Oregon governor faces ethics allegations, calls to resign

AOL – by Jonathan J. Cooper

SALEM, Ore. (AP) – Oregon’s governor is struggling to deal with allegations that his fiancée used his position to land clients for her environmental consulting business, claims that have drawn an ethics investigation and the scrutiny of the state’s attorney general.

Although his role in arranging the deals isn’t clear, the scandal has posed a threat to the decades-long political career of four-term Democrat John Kitzhaber, Oregon’s longest-serving governor. The editorial board at the state’s largest newspaper, The Oregonian, called for him to resign this week, saying the controversy has become such a distraction that he can’t effectively lead.  

A series of newspaper reports since October have chronicled Cylvia Hayes’ work for organizations with an interest in Oregon public policy. During the same period, she worked as an unpaid adviser in the governor’s office. The spotlight on Hayes led to her revelation that she accepted about $5,000 to illegally marry an immigrant seeking immigration benefits in the 1990s. Later, she admitted she bought a remote property with the intent to grow marijuana.

“Recent allegations relating to Governor Kitzhaber and Ms. Hayes are very serious – and troubling,” Attorney General Ellen Rosenblum said in a statement. “My office is considering all of our legal options to ensure that we are best serving the state.”

Rosenblum’s spokeswoman, Kristina Edmunson, would not elaborate on which allegations troubled the attorney general, who is a Democrat. Under Oregon law, the attorney general’s authority to investigate and bring criminal charges is limited, but her office sometimes assists district attorneys with complex cases.

Kitzhaber has repeatedly declined to appoint a special prosecutor, saying it’s unnecessary. He has refused to step aside, no doubt emboldened by his re-election victory three months ago. Even after the first strands of scandal became the centerpiece of his rival’s campaign, Kitzhaber won by a larger margin than he managed four years earlier.

“I was elected by the people of this state to do a job and I’m going to do it,” Kitzhaber said in a Jan. 30 news conference that failed to quell the growing storm.

A fiercely private person, Kitzhaber has been forced to answer embarrassing and personal questions about his relationship. In response to questions at the news conference last week, Kitzhaber told reporters that he’s in love with Hayes, but he’s not blinded by it.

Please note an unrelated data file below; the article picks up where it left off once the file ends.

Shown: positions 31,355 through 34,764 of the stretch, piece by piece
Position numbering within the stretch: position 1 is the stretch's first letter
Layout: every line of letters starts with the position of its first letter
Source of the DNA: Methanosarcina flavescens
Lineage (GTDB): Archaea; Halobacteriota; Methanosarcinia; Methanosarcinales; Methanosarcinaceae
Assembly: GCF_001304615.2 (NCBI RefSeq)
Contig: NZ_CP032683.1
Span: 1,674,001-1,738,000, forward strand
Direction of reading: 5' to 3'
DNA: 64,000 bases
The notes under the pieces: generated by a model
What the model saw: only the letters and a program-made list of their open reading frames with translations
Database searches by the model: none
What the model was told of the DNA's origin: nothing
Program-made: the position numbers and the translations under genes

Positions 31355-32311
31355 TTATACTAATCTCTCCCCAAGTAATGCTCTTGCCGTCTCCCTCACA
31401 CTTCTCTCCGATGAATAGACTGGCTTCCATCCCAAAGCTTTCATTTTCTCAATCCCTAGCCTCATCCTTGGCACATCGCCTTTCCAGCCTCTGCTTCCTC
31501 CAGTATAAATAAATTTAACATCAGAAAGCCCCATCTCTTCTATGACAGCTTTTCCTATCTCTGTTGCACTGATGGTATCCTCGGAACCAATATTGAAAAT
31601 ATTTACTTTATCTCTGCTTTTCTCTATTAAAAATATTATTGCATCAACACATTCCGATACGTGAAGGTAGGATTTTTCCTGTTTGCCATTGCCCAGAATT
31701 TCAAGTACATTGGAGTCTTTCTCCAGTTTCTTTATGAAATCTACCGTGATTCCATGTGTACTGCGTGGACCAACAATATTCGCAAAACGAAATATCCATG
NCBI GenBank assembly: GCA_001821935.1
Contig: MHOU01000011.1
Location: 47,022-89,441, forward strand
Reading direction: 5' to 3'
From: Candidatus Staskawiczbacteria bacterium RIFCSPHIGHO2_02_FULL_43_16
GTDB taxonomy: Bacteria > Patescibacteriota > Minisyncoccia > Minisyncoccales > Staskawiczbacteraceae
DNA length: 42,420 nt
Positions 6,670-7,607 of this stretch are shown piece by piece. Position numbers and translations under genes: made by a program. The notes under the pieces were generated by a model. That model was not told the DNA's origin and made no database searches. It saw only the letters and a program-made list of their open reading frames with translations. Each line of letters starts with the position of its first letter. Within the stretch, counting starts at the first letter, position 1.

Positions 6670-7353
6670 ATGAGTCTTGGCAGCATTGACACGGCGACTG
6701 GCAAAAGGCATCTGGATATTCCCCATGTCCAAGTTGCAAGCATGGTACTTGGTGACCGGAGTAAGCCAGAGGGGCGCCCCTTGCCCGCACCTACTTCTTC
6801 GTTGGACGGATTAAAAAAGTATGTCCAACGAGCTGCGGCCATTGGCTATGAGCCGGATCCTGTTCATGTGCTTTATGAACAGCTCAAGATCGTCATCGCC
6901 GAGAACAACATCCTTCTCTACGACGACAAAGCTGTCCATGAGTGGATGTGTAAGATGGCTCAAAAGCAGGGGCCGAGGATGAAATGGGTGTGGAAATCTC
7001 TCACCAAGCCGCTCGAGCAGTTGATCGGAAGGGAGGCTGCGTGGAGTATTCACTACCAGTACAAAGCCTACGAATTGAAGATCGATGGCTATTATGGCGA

Some state leaders from his party have openly criticized him. Others have notably avoided defending him.

“The governor is facing serious challenges and he’s hurting,” said Democratic Senate President Peter Courtney of Salem, a longtime legislator who has worked with Kitzhaber for decades. “I want to be fair. I want to be compassionate. I want to do my job the best I can. I will not speculate on his future.”

Kitzhaber met Hayes before the 2002 election, when he was governor and she was a candidate for the state Legislature. She lost her race, but they later reconnected after Kitzhaber’s term ended.

After eight years out of office, Kitzhaber was elected governor again in 2011. Hayes used the title “first lady,” though the couple has never married, and she took an active role in his administration. They were engaged last summer.

Media reports have accused Hayes of using her position to get private consulting work; earning money from companies that wanted to influence the state; and directing taxpayer funded staff to make travel arrangements on behalf of her private business.

Last month, EO Media Group and Pamplin Media Group reported that Hayes earned $118,000 over two years for a fellowship with a green energy group. The Oregonian reported that the money didn’t match her earnings reported on her tax returns, which she’d previously given to the newspaper. Kitzhaber said the couple files taxes separately and refused to answer questions.

The Oregon Government Ethics Commission has opened an inquiry and will decide in March whether a formal investigation is warranted. The commission enforces conflict of interest laws for government officials and can impose civil penalties, but can’t levy criminal charges.

Kitzhaber has said he and Hayes recognized the potential for conflicts between her public and private work and tried to avoid them. He said last week it’s up to the ethics commission to decide whether they were successful.


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